Despite two massive attacks in the past five days (killing over 150 civilians between them and leaving nearly 400 others wounded), the Pentagon dismissed concerns about violence in Iraq today, with spokesman Geoff Morrell declaring “the overall security climate is a good one.”
At least 75 civilians were reported killed today in the bombing of a market in Baghdad’s Sadr City, just days after an attack on a mosque in Kirkuk killed 80 others. Both attacks targeted Shi’ites, a common strategy by Sunni insurgents in recent months.
US officials were similarly dismissive after a surge in violence in March was followed by an April which was the deadliest month in over a year. And while the month of May was comparatively quiet, the high profile attacks appear to be back in force, and June may wind up rivaling April in sheer numbers.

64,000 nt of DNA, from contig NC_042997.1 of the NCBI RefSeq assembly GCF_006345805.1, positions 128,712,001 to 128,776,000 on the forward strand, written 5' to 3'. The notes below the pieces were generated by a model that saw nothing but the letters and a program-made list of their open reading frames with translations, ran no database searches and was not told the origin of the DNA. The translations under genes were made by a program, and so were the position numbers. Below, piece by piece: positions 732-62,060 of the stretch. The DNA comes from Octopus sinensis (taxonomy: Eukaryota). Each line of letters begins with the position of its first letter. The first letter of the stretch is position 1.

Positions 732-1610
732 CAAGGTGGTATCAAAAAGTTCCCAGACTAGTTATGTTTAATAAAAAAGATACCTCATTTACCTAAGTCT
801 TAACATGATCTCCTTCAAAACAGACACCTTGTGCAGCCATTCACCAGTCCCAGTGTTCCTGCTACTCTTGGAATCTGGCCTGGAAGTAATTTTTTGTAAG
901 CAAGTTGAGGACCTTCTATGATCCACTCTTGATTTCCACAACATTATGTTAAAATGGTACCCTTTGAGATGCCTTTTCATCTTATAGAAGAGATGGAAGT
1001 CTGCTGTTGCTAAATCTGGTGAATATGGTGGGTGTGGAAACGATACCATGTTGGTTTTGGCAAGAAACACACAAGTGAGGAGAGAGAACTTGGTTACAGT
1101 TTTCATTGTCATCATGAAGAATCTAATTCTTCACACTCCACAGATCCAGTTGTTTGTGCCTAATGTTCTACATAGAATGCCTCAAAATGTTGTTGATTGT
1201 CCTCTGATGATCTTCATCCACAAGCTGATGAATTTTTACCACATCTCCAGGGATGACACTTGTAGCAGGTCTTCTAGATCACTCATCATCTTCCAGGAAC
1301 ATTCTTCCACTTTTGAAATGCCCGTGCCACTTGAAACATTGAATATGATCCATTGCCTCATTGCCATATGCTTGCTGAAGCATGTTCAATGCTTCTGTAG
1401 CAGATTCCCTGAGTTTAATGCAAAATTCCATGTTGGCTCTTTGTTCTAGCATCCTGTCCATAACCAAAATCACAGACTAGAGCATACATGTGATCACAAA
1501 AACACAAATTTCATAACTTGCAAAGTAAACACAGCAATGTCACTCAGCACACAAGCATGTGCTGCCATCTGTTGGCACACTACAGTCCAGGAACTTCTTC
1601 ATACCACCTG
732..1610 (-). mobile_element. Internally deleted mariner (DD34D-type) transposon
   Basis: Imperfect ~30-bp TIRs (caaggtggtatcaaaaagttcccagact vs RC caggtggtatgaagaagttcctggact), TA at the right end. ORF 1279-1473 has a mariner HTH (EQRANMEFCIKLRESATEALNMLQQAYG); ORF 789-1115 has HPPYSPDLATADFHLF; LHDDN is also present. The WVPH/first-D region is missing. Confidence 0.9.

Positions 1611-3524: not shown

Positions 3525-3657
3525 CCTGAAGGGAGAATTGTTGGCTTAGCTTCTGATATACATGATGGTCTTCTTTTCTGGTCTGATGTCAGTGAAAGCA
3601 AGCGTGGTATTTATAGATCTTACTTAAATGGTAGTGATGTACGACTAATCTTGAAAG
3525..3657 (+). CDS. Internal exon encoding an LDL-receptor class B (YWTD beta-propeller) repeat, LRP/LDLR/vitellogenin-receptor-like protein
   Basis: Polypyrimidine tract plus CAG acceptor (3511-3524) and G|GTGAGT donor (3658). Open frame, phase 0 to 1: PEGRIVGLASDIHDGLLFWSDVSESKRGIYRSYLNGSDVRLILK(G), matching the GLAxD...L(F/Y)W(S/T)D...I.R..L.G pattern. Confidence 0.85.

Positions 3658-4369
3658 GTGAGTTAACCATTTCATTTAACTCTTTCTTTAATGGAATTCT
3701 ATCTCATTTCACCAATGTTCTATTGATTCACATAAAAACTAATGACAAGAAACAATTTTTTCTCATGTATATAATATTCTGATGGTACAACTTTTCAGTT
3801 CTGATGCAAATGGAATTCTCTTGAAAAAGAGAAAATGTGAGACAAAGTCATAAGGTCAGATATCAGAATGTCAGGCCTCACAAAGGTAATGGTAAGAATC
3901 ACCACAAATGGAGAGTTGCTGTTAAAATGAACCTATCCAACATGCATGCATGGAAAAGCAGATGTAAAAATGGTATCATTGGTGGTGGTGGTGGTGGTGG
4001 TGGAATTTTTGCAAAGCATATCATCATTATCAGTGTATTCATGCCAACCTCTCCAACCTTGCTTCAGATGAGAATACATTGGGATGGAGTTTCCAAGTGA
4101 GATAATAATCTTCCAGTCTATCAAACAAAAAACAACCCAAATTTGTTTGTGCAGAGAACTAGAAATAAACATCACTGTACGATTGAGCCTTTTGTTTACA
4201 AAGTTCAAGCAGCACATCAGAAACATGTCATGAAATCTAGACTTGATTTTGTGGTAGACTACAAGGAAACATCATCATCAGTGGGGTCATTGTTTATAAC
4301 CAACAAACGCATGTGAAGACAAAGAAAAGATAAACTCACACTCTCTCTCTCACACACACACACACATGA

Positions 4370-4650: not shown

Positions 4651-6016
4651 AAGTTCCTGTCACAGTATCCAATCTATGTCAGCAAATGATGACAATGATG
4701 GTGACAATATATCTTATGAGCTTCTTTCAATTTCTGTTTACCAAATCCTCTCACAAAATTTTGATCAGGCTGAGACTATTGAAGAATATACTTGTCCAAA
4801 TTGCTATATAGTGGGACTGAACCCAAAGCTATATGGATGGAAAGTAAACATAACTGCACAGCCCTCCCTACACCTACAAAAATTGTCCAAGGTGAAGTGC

Morrell attributed the rise in violence to the Status of Forces Agreement, which requires US troops to leave Iraqi cities by the end of the month. He predicted that in the coming weeks we would see an even further upsurge in violence, though he dismissed the importance of this. He likewise added, despite several claims from high ranking officials that the US would absolutely respect the deadline, that troops would remain in cities past June 30.
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